Category : Country : China

Pu Er used to be known as a Tribute tea

Pu Er cake.

You can’t serve a slice of Pu Er « cake » on a plate. Nonetheless, this tea is traditionally consumed on feast days in China.

The Pu Er cake used to be known as a Tribute tea and would be offered as a gift to the Court, in honour of the Chinese Emperor. It is a tea with a long and venerable past.


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Which is the best tea to drink during festivities?

The end-of-year festivities are frequently accompanied by overeating: at a time when many of us welcome friends and relatives into our homes, we enjoy preparing delicious meals and treats for our guests. It is not only the quality that is often high, but also the quantity. As for me, I like to finish a good meal with a cup or bowl of tea, to help me digest. I don’t know if the effect is purely psychological but it feels real, which is good enough for me. In China, Pu Er is said to be the best tea to drink during times of feasting. This tea is special in that it is covered and fermented for at least 45 days. During this time, the temperature is checked, hence this thermometer stuck into a pile of tea leaves covered with a cloth. It reads 53°C.


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Pu Er also requires wrapping with care

I know that your main objective at the moment is to wrap your purchases so they are ready to go under the Christmas tree in a few days’ time. Well, in China there’s a tea called Pu Er which requires wrapping with just as much care. Pu er can be bought loose, but it is mainly found in the form of a compressed cake. Having been left to dry on racks, each cake is wrapped in a sheet of printed rice paper, as you can see in this photo. The protected cakes are then wrapped in groups of seven in a dried banana leaf. The tea is then ready to embark on its journey and arrive with you after the festivities, which is just at the right time: in China, Pu Er is said to lower cholesterol. Rightly or wrongly, it is sometimes known as the “fat-eating” tea.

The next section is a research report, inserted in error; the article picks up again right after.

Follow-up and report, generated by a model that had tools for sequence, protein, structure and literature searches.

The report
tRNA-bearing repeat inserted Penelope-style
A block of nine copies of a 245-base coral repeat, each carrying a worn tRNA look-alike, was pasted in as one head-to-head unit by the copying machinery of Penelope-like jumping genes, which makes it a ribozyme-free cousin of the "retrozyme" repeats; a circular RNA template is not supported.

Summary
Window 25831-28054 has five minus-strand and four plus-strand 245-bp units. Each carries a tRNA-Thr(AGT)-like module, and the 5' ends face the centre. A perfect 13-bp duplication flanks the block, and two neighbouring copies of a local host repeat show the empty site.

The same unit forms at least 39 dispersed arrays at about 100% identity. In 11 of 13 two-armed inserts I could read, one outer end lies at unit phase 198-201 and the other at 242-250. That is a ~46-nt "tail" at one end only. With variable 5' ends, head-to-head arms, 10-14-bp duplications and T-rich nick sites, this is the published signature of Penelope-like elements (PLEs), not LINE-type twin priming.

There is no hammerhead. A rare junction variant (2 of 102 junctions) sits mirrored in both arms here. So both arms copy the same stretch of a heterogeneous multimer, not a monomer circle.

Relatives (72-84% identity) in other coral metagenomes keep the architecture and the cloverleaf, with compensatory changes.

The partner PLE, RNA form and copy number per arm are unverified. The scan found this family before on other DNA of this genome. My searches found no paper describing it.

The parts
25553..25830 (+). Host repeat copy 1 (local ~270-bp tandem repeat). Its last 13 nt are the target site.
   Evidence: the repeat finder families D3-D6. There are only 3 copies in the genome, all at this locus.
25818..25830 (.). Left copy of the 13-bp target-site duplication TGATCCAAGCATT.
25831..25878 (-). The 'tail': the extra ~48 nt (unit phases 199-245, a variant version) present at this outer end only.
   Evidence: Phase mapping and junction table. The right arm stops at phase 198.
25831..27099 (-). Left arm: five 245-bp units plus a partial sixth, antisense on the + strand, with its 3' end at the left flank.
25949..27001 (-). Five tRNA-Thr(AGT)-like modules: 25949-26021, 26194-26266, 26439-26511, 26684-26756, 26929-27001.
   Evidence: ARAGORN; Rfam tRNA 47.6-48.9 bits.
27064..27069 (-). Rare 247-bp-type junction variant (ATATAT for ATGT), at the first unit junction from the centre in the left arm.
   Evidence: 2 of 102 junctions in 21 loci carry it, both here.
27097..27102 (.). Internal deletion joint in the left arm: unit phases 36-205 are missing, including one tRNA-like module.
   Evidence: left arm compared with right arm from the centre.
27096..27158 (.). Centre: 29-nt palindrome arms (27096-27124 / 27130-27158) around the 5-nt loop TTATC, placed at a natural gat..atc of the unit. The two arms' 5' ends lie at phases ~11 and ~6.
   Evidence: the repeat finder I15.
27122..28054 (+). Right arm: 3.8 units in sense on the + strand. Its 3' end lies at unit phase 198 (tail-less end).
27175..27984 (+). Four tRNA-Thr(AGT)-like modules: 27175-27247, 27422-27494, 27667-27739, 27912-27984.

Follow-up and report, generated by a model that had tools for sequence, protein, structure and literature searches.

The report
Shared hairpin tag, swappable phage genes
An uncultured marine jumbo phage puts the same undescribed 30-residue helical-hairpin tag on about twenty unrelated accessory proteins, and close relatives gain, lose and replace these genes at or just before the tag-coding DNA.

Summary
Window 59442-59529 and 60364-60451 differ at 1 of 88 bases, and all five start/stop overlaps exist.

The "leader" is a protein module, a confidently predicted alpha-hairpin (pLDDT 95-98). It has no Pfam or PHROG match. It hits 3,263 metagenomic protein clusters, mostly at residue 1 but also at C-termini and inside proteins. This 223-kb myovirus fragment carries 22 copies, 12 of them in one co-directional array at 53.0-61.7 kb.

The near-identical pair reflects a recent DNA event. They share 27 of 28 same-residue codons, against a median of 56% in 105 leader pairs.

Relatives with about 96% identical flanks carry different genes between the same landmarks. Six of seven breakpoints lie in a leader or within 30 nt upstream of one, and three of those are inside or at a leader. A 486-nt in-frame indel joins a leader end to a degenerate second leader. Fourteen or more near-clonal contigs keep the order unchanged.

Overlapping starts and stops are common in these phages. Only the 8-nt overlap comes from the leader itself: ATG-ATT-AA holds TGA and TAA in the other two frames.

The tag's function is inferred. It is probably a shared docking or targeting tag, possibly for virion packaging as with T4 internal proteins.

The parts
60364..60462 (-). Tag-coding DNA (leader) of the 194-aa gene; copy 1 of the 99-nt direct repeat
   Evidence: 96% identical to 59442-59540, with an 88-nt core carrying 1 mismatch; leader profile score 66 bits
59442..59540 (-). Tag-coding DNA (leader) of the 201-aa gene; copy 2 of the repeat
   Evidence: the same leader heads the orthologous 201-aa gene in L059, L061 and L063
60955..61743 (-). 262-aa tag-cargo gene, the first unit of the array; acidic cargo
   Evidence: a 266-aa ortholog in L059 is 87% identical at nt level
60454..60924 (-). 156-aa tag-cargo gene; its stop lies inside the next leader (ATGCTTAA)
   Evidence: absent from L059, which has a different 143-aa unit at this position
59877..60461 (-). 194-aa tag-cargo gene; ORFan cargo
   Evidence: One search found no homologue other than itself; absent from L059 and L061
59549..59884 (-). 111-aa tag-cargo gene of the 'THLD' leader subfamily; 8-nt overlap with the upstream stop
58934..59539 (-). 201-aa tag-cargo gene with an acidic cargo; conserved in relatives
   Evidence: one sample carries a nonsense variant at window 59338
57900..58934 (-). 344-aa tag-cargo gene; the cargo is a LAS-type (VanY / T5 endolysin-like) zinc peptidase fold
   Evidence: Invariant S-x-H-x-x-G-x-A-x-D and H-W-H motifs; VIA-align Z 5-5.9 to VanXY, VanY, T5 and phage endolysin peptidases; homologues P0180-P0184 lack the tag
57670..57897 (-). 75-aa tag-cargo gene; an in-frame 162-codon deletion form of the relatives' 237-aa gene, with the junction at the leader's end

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Selecting the best tea requires patience

In China as well as in India, when it comes to making high quality tea, no effort is spared in ensuring that only the best leaves are selected. Here, in Fuding (China), these workers are checking all the leaves of the Bai Mu Dan that has just been produced, one by one. It is a painstaking task that requires a great deal of patience. Only when this stage is finished can the leaves be packed into chests and shipped to the buyer.


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The delicate art of withering white tea leaves

In the past, the withering of tea leaves took place in the open air, but nowadays it increasingly happens in a heated, well ventilated room. This system offers greater control over the ambient conditions. Here, in Fujian (China), the temperature and humidity levels are carefully regulated, and the room benefits from a sophisticated ventilation system. Which means the leaves of this Bai Mu Dan can gradually lose their water content.


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The author

François-Xavier Delmas is a passionate globetrotter. He’s been touring the world’s tea plantations for more than 20 years in search of the finest teas. As the founder of Le Palais des Thés, he believes that travelling is all about discovering world cultures. From Darjeeling to Shizuoka, from Taiwan to the Golden Triangle, he invites you to follow his trips as well as share his experiences and emotions.

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